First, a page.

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Energy Efficiency Tips for Hot Summer Weather

Save Money on Utility Bills with Weatherstripping, Energy Q Radiant Barrier Foil, an A/C Misting System, and Attic Insulation

© 2010 All rights reserved; content may not be copied, rewritten, or republished without author’s written permission. Author’s Google profile

Energy Q Radiant Barrier Foil and paint plus attic insulation

Attic insulation and radiant barrier foil

This article was updated on 07/10/20.

How much of a financial impact the summer heat (or the winter chill for that matter), depends on a number of factors. There’s not much you can do about your geographical location if you live in the deep south, for example.

Some homeowners are not willing to compromise the thermostat setting. But there are things you can do to your home that will lower your utility bills as the days heat up. And in some cases you can reap an energy tax credit. Let’s look at a few of them; four specifically.

Beef Up Your Window and Door Weatherstripping

Adhesive backed foam weatherstripping is a cost-effective investment in energy conservation Door and window edges are well-known for leaking not only in the summer but also the winter, robbing your home of temperature-conditioned air.

Luckily for us, weatherstripping is a cheap and quick fix. This makes it a great weekend project. And while you’re at it, inspect and fix any exterior caulking.

Install a Radiant Barrier Foil in the Attic

Radiant barrier foil qualifies for energy efficiency tax credits simply because it is classified as an insulation product. Of course, if you claim it, labor installation costs aren’t included. That’s one reason to make this a DIY project.

The best product on the market (in my humble opinion), is the Energy Q Reflective Thermal Barrier. It’s an Energy Star product and the one that NASA wraps their space-bound things with. It costs roughly $0.43 per square foot.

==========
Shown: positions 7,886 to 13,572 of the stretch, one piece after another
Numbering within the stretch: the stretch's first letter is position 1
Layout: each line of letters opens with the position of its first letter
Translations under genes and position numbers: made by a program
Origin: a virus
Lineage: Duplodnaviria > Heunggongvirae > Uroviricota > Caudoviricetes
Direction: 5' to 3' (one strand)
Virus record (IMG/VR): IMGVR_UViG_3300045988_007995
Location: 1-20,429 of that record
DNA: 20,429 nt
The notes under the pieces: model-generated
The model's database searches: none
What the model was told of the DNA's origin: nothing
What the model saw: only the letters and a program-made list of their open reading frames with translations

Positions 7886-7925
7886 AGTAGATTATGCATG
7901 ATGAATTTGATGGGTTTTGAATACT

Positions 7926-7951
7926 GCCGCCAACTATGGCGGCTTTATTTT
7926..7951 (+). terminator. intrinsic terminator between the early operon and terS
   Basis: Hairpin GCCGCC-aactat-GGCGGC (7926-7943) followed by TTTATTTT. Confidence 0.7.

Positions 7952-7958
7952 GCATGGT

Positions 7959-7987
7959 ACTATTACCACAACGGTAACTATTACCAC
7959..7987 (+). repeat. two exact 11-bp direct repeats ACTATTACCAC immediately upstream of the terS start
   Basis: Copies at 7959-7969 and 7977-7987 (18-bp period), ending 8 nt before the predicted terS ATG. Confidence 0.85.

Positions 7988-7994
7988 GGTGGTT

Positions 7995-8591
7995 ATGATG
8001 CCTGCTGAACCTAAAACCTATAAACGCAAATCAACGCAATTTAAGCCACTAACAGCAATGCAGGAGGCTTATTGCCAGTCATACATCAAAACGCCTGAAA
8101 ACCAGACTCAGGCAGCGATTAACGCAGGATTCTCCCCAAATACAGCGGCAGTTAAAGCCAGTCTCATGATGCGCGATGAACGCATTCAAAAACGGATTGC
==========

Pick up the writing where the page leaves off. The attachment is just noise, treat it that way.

It can be stapled to the attic rafters or exterior wall studs or laid directly on your attic floor. The manufacturer points out that the foil reflects 97% of summer’s heat.

If your attic is well-ventilated using ridge vents or power or solar attic vents, it will have the space emptied of super-heated air, however the thermal foil barrier will prevent most heat from reaching your living space through the insulation.

If you make the decision to add foil in your attic, at the bottom of this article you’ll find a link to yet another article where I share tips I discovered when I did my home.

Install a A/C Misting System

An A/C misting system hooks up to your outdoor condenser coils. When the condenser fan kicks on, a valve opens and a fine mist pre-cools the air. This makes your HVAC system work more efficiently. In the long run it saves both money and wear and tear.

Install More Attic Insulation

Putting in additional attic insulation is really the best return on investment (ROI) when it comes to saving money on your heating and cooling costs; and lowering your carbon footprint, if, like Al Gore, you are into that. Also, like radiant barrier, tax credits are there for the taking for the insulation material, but not for installation costs.

When I did my own home, I first sprayed radiant barrier paint in the attic, then added more insulation on the attic floor, and finally laid foil on the insulation. Not the most fun of tasks, but it’s done and I smile every time I get my electricity bill.

A standard roll of R-30 Owens-Corning fiberglass attic insulation which covers 31.25 square feet costs me only $19.78 at Home Depot. As you can imagine, that pays for itself lickety-split. Fiberglass insulation by itself is excellent at slowing down the conduction of heat energy, but does’t prevent it.

Radiant barrier paint or foil is what does that so it is a tag team operation. In fact, insulation will retain the heat even though the sun has gone down and some of it will get through your drywall ceiling. It's all about energy-efficiency.

These are just four inexpensive ways that you can save money on your utility bills. Even though the Cap and Trade Legislation is temporarily shelved, the Obama administration was clever about finding other ways to get the individual points into law. This means a huge increase in energy costs. Adopt these energy-efficiency tips for hot summer weather. Like a good Boy Scout, be prepared.

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About the Author:

Photo of Kelly R. SmithKelly R. Smith was a commercial carpenter for 20 years before returning to night school at the University of Houston where he earned a Bachelor’s Degree in Computer Science. After working at NASA for a few years, he went on to develop software for the transportation and financial and energy trading industries. He has been writing, in one capacity or another, since he could hold a pencil. As a freelance writer now, he specializes in producing articles and blog content for a variety of clients. His personal blog is at I Can Fix Up My Home Blog where he muses on many different topics.

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© 2009 All rights reserved; content may not be copied, rewritten, or republished without author’s written permission.